The Covid-19 pandemic shone a light on the problem of digital exclusion. Everyday activities such as doctor appointments and school classes were moved online, creating a digital divide between those with internet access and those without.
This divide led to an array of efforts by government, the third sector and industry to help get people online – not least the Digital Poverty Alliance (DPA). But there is increasing recognition that if the sector is going to get people online, there is a responsibility to help them stay safe. This is why we at Internet Matters were invited to join the Community Board for the DPA, and we are delighted to offer our support to this space.
Internet Matters is proud to be one of the UK’s most recognised and trusted providers of media literacy support. Media literacy is all about giving people the skills, knowledge, and confidence to stay safe and well online. In this blog, we offer our reflections on the media literacy sector as a whole, and asses where we are now and where we’re heading.
Last summer, the Department for Digital, Culture, Media and Sports (DCMS) released their Media Literacy Strategy. This three-year action plan presented the government’s intention to tackle three key challenges within the sector:
- Some parts of the population have much little to no access to media literacy provision, while others are overserved by competing programmes. For example, there are various programmes aimed at children in mainstream schools and fewer at vulnerable and hard-to-reach children and adults.
- Unstable funding landscape. The majority of media literacy providers operate on a not-for-profit basis (including Internet Matters) and are reliant on external funding, which is unpredictable and often not sustained in the long term.
- Limited understanding of what works. Little work is done to monitor and evaluate the impact of different interventions, especially beyond self-reported impact – often due to funding constraints. This makes it difficult to assess the effectiveness of interventions, and therefore which work should be prioritised.
In response to these issues, DCMS has stated that its aim is to support organisations to undertake media literacy activity in a more coordinated, wide-reaching, and high-quality way over the next three years. Two core themes are emerging from this effort.
Firstly, both DCMS and Ofcom are putting vulnerable and hard-to-reach users at the forefront of their thinking. This is something we at Internet Matters welcome, as it was our research that showed that young people who are vulnerable offline (such as children in care or those with disabilities) have much worse experiences online too. As a result, we pushed for the creation of the Vulnerable Users Working group, which is part of the UK Council for Internet Safety and a group we still Chair.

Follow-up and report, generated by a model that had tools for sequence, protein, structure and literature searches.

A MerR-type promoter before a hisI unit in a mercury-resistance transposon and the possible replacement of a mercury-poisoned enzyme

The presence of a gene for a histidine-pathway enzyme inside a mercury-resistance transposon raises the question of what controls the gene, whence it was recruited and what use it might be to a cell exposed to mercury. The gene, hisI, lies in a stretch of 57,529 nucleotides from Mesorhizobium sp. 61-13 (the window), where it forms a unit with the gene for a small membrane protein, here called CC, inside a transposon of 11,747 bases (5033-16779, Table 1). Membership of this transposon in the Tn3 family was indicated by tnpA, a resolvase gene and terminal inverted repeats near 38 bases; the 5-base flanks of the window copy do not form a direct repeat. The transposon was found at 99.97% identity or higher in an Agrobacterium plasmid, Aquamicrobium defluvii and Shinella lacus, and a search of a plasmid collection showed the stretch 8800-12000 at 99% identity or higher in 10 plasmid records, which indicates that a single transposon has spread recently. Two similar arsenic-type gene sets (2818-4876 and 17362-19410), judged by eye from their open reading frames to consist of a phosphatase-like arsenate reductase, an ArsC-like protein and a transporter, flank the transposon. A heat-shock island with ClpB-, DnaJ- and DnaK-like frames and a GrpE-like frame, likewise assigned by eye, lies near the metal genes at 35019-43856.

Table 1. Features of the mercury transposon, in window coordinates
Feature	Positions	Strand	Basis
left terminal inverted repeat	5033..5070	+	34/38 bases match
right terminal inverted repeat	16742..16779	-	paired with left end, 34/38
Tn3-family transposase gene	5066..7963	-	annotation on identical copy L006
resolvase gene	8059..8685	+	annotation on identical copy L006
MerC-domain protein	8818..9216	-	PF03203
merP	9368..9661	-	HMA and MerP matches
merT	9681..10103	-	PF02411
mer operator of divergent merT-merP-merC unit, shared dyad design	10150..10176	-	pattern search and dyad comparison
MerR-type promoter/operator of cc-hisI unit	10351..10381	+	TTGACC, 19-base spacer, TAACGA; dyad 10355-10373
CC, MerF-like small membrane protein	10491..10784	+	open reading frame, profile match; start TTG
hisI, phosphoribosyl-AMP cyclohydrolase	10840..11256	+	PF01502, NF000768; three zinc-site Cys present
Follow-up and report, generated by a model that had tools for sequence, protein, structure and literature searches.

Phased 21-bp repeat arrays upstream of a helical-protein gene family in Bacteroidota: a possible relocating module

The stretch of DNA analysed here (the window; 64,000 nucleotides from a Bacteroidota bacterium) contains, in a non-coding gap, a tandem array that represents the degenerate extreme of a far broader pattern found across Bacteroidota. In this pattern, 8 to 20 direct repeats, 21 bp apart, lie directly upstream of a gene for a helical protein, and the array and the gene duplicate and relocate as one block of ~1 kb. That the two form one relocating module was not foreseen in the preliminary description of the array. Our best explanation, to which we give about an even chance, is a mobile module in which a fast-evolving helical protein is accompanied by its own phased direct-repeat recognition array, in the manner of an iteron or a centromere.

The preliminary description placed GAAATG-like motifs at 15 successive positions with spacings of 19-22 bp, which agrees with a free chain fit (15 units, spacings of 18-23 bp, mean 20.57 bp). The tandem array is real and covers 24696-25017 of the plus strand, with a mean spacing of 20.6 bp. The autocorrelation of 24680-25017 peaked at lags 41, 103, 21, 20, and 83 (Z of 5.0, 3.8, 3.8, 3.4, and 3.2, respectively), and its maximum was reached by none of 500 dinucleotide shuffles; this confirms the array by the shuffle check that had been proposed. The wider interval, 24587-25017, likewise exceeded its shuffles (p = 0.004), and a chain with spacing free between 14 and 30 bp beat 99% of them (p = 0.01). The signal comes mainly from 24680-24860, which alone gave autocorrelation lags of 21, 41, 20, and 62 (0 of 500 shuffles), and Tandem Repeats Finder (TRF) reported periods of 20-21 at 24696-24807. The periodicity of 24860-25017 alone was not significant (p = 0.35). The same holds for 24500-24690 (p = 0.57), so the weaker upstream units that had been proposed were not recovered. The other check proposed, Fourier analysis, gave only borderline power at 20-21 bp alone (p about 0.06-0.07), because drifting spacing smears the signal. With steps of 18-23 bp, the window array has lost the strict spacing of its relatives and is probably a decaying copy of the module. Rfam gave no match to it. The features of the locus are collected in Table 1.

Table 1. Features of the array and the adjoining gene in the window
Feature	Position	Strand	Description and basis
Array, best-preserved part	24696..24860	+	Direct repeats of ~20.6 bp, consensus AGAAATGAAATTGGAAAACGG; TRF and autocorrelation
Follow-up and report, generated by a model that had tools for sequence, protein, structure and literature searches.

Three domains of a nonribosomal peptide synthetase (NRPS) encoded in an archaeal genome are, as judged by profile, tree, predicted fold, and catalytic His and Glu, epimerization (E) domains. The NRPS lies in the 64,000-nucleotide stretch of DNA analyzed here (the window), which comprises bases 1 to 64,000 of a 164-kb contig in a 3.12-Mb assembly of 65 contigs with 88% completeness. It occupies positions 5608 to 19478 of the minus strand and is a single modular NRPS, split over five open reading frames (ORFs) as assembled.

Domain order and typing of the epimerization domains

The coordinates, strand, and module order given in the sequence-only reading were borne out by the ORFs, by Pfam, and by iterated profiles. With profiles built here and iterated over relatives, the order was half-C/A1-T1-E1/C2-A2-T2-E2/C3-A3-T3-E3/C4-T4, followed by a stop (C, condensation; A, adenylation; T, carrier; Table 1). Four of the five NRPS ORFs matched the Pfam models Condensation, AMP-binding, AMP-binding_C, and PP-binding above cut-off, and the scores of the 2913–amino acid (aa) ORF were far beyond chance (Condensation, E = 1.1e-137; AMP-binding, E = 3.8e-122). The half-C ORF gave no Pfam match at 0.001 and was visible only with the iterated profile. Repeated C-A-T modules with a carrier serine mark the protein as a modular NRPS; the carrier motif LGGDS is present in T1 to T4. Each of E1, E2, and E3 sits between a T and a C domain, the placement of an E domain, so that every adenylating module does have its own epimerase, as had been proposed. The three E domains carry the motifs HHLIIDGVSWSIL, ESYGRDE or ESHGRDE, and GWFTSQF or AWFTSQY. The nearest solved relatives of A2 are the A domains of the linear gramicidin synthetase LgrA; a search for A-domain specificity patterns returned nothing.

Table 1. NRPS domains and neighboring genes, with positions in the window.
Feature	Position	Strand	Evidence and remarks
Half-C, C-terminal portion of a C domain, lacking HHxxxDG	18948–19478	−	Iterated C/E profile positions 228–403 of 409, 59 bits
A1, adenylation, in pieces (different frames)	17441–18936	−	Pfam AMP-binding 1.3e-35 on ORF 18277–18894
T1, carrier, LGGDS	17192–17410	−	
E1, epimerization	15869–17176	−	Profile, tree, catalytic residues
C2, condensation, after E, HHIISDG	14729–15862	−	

Conducting media literacy work with vulnerable groups requires a tailored approach. For this reason, many organisations in this space are increasingly partnering with frontline services to benefit from their expertise and reach. For example, we are thrilled to be partnering with the Greater Manchester Combined Authority (GMCA) to deliver a pilot project to improve support for the region’s care leavers.
Secondly, media literacy doesn’t just have to be about putting the onus on users of tech services to look after themselves. That’s where the idea of media literacy by design comes in. An example of this would be a tool which encourages someone to check the veracity of an information source before sharing it publicly. This is an important development, as it shows that we do not need to choose between focusing on service design on the one hand or focusing on educating users on the other. The best way forward is to explore how these two things can interact to create the best possible experiences for people online.
Finally, it is important to consider the role of media literacy in the wider online safety landscape, in particular its relationship with the Online Safety Bill. In a draft version of the Bill, there was an explicit attempt to clarify Ofcom’s duty to promote media literacy. This was later removed when the current version was published. The Government maintains that Ofcom has the powers and duties it needs to progress its work in this area, but some – including us at Internet Matters – would like this to be underscored by inclusion in the Bill.
Media literacy is the first line of defence against online harms. Internet Matters is proud of our continued work with the DPA to ensure everyone has access to support in this space.
Written by Ali Bissoondath, Policy Manager at Internet Matters